Our chapter was honored to be a guest at the Mark Wellman Adventure Day event last Sunday. Mark Wellman adventure day is an event at Sparks Marina where disabled people have the opportunity to try outdoor activities such as kayaking and rock climbing. Our staff brought along a number of resources for participants to learn and interact with, including binoculars and museum skins. We had a wonderful time speaking with and entertaining guests who stopped by. We also kept a small bird list of the species we observed flying by as we spoke with guests. Sparks Marina is a wonderful birding hotspot and without intentionally seeking, we observed 22 different species. A full list is included as part of the trip report below.
Our staff sends a huge thank you to all the partner organizations involved including:
A particularly virulent strain of avian flu has been spreading in the US. Much like the flu in humans, avian flu is cyclical and new strains may cause higher infection and mortality rates. The US Department of Agriculture (USDA) and Center for Disease control are both carefully monitoring the situation. As of 5/9/22, there have been no cases of this strain reported in Nevada. You can check the USDA’s full list of documented cases here. The risk to humans is low, however, there has been one reported case of this strain making the jump to a human in Colorado. If you find a dead bird and would like to report it, do not handle the bird and contact Nevada Department of Wildlife for further instructions.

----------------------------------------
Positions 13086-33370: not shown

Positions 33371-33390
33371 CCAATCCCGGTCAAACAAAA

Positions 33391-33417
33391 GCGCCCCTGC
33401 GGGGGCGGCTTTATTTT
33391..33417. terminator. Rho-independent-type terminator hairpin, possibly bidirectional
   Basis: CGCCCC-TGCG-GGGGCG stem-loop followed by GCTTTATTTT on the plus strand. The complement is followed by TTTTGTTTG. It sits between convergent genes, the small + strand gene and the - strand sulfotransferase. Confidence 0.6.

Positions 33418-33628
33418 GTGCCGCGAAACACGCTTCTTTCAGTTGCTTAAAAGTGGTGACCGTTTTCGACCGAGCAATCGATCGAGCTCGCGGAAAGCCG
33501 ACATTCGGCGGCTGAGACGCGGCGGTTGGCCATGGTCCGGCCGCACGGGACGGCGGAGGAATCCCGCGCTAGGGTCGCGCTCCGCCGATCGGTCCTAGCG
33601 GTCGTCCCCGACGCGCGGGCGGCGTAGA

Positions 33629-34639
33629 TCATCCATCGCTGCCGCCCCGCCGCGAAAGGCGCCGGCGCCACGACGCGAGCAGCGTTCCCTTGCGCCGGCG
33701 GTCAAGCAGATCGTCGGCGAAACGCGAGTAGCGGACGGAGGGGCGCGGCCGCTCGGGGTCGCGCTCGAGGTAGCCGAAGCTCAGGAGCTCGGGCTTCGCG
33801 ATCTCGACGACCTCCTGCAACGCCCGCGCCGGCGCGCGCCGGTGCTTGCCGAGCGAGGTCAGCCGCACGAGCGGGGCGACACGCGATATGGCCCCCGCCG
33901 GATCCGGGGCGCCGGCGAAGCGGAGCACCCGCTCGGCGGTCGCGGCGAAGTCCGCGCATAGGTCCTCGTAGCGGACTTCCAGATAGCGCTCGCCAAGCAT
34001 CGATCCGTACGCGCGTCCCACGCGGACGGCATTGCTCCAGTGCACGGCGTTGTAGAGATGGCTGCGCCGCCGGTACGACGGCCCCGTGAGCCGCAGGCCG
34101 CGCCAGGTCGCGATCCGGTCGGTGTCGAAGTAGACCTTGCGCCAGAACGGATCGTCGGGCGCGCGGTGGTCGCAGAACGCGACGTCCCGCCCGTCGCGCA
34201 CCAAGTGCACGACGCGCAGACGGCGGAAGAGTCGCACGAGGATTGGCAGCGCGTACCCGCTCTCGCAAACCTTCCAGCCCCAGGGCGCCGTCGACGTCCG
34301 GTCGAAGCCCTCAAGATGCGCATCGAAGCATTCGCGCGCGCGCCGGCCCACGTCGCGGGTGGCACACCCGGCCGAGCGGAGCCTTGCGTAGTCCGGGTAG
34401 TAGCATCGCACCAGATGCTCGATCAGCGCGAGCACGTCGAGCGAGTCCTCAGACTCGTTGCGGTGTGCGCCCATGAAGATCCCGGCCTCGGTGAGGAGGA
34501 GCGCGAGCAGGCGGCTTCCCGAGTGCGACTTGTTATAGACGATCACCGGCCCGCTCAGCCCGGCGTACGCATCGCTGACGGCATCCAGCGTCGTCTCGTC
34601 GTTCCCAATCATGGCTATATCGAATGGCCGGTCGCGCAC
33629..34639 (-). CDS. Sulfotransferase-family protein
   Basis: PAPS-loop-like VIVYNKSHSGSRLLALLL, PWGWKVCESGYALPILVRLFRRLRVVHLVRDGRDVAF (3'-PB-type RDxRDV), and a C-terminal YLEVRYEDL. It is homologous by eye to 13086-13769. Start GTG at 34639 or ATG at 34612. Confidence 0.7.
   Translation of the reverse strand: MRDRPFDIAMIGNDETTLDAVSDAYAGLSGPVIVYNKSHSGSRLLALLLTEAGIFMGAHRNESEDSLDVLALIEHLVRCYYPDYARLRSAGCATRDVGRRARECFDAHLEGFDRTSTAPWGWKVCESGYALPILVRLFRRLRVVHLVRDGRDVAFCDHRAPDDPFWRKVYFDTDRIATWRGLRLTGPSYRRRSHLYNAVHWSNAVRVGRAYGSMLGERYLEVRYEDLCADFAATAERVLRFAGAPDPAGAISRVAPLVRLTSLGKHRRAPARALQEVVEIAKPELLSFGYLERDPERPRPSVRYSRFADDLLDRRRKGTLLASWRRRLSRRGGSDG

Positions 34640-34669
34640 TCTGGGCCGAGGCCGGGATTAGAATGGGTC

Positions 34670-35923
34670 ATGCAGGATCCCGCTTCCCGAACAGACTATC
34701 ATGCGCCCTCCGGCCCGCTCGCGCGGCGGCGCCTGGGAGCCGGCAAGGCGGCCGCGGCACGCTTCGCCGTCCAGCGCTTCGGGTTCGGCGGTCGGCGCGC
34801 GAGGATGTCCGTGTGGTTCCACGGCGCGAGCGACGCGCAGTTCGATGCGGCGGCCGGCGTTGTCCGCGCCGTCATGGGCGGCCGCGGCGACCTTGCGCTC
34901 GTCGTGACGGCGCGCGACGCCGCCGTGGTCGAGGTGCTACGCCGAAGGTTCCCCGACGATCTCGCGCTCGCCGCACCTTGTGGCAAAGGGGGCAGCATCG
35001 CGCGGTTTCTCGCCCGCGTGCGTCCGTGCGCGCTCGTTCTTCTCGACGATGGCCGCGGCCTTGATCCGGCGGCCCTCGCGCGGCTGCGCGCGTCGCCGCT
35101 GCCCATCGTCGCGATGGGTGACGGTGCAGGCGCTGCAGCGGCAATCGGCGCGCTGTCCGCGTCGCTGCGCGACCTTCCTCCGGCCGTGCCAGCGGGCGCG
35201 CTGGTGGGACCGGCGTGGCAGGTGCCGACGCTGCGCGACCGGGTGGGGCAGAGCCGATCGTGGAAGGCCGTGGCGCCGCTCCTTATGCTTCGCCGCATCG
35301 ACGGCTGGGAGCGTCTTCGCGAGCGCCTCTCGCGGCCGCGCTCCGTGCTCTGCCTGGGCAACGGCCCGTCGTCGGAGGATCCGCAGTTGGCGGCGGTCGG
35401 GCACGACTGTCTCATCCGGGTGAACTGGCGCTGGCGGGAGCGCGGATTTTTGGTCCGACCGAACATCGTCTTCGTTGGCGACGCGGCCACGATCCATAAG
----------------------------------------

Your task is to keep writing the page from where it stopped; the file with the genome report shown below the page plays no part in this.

We will be monitoring the situation in our area and providing updates when necessary. If there is an outbreak in your area, please remove bird feeders and baths until the outbreak has subsided. Additionally, it is good practice to regularly sterilize your bird feeders and baths to avoid outbreaks of any communicable disease in your backyard flock. Check out our article on Salmonella and Responsible Bird Feeding for details on maintaining feeders.
The Nevada Arts Council has just awarded the Lahontan Audubon Society an Arts Learning Grant. Thank you, Nevada Arts Council and the National Endowment of the Arts, for your support. With this grant, Lahontan Audubon will offer a series of free, online bird drawing classes with science illustrator, Christine Elder, and nature journal educator, John Muir Laws, this spring. Christine was the featured artist for the recent Winter Wings Festival in Klamath, Oregon. John Muir Laws (aka Jack) is the champion of the nature journaling movement and author/illustrator of the Laws Field Guide to the Sierra Nevada. These amazing artists will teach us some of the tips and tricks for drawing birds in the field. Lahontan Audubon Society is excited to be able to present this new series of art classes! Please stay tuned for details. We will be posting more information on these classes on our website soon.
Thank you to everyone who participated in our recent program survey. We appreciate you taking the time to share your feedback with us and we will be working hard make our programs align with the responses we received. See the full results below.